Article By: Gord Howard
St. Catharines Standard
Read original at: https://www.stcatharinesstandard.ca/business/2020/09/04/niagara-continues-to-add-jobs-during-covid-19-recovery-but-long-term-outlook-remains-uncertain.html
Another 9,200 people in Niagara found employment in August. That’s on top of the 8,000 who were hired back in July.
“In any other year I would be throwing confetti at numbers like that,” said Adam Durrant, operations and research manager for Niagara Workforce Planning Board.
Instead, he uses the words “cautious optimism” to describe the latest employment survey by Statistics Canada, released Friday.
Despite a lot of positives – the region’s unemployment rate went down, youth employment went up a bit and women started catching up with men in hiring – “they are only moving us back to gaining that which was lost” this year due to COVID-19.
“It’s a positive short-term trend among long-term data that is still quite challenging,” Durrant said.
Canada’s national unemployment rate dropped slightly last month to 10.2 per cent. Niagara’s also went down, to 11.3 per cent from 12.3 last month.
That puts the region close to communities like Kitchener-Waterloo, with 10.7 per cent, and Windsor at 11.3 per cent.
He’s cautious because chances of Niagara’s economy continuing an upward trend hinges on things like a good shoulder season for the tourism industry, warm weather, and continuing to contain the spread of the coronavirus.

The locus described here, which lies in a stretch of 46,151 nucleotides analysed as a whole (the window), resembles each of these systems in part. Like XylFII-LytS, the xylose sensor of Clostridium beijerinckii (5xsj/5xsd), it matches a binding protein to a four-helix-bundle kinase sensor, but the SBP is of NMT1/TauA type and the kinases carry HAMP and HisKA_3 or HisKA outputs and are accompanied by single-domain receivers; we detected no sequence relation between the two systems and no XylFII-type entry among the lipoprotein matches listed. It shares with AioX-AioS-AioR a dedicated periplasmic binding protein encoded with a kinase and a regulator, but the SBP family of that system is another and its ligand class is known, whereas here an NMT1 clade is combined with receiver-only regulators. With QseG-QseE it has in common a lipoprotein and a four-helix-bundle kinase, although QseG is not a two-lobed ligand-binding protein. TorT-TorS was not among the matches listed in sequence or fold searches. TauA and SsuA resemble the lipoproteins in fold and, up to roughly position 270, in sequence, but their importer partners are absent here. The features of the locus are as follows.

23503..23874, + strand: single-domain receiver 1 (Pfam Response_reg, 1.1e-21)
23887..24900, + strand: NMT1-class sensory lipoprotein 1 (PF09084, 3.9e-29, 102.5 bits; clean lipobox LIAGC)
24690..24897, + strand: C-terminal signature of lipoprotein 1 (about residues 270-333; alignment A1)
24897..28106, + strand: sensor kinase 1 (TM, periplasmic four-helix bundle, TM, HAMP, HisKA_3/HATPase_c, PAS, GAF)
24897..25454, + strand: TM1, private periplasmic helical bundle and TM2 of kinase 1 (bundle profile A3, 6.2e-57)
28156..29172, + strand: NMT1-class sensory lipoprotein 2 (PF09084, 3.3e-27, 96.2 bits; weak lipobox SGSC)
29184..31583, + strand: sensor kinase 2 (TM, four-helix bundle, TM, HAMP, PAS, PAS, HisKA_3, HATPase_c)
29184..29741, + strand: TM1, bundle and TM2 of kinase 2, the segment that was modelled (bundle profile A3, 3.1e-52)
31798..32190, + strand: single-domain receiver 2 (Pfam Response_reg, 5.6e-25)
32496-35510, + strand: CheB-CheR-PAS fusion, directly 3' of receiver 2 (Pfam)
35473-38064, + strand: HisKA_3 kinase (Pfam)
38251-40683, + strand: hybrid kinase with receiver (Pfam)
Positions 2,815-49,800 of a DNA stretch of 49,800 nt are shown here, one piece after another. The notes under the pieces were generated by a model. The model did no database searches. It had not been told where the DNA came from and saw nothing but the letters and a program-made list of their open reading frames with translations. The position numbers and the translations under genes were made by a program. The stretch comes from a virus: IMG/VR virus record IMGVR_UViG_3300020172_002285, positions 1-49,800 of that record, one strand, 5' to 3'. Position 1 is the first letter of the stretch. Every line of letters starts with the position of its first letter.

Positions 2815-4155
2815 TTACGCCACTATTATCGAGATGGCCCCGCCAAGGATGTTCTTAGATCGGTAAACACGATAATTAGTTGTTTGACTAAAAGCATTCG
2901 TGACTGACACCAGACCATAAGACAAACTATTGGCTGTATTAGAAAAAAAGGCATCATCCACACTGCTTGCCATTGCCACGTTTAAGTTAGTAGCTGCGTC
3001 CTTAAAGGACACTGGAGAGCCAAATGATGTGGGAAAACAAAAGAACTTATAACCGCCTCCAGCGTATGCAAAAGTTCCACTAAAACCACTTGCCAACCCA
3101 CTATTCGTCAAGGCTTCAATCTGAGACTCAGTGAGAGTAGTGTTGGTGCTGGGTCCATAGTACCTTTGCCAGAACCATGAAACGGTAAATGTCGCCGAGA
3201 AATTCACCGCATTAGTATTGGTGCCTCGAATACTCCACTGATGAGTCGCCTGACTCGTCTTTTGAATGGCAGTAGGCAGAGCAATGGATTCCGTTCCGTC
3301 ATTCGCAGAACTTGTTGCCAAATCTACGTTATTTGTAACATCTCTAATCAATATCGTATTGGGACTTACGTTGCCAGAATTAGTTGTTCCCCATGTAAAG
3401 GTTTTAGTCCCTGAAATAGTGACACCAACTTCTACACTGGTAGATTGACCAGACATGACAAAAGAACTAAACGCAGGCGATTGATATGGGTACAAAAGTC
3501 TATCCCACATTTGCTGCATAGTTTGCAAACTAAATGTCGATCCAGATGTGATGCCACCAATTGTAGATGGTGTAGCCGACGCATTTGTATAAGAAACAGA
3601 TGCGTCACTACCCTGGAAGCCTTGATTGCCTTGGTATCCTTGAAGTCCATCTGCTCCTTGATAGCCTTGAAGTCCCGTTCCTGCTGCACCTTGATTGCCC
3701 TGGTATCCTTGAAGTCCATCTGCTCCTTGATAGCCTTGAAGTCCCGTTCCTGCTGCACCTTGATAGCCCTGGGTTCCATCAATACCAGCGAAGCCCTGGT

“Those are big questions that we don’t have answers to,” he said.
And there are still 16,000 people in Niagara who have not regained their employment since COVID-19 hit.
Durrant said he is concerned by the 28.9 per cent youth unemployment rate, which hurts their ability to save for future schooling, or for graduates means they can’t start their careers.
Last August, the rate across Niagara was 10.4 per cent.
“The data reflect that youth are trying to find work … but right now the jobs are just not forthcoming for them.”
The study showed about three-quarters of the jobs added in Niagara were fulltime.
The goods producing sector, including manufacturing, hired 4,200 more and employed 45,300 people last month. That’s nearly 5,000 more people than in August 2019.
The services sector, including tourism and retail, was hardest-hit when COVID-19 forced closure of much of Niagara’s economy this spring.
In August it added 5,000 employees to a total of 140,600, but that’s still nearly 21,000 shy of where it was in August 2019.
Accommodation and food services, accounting for all the hotels, restaurants and many tourist-attractions, added only 400 jobs in August to a total of 15,200. In August 2019 it employed 26,100.
“It is important to note we are trending in the right direction toward pre-pandemic numbers. I don’t want to be the guy who looks for a cloud on a sunny day,” said Durrant.
“It’s just a question of, can we keep this momentum going.”
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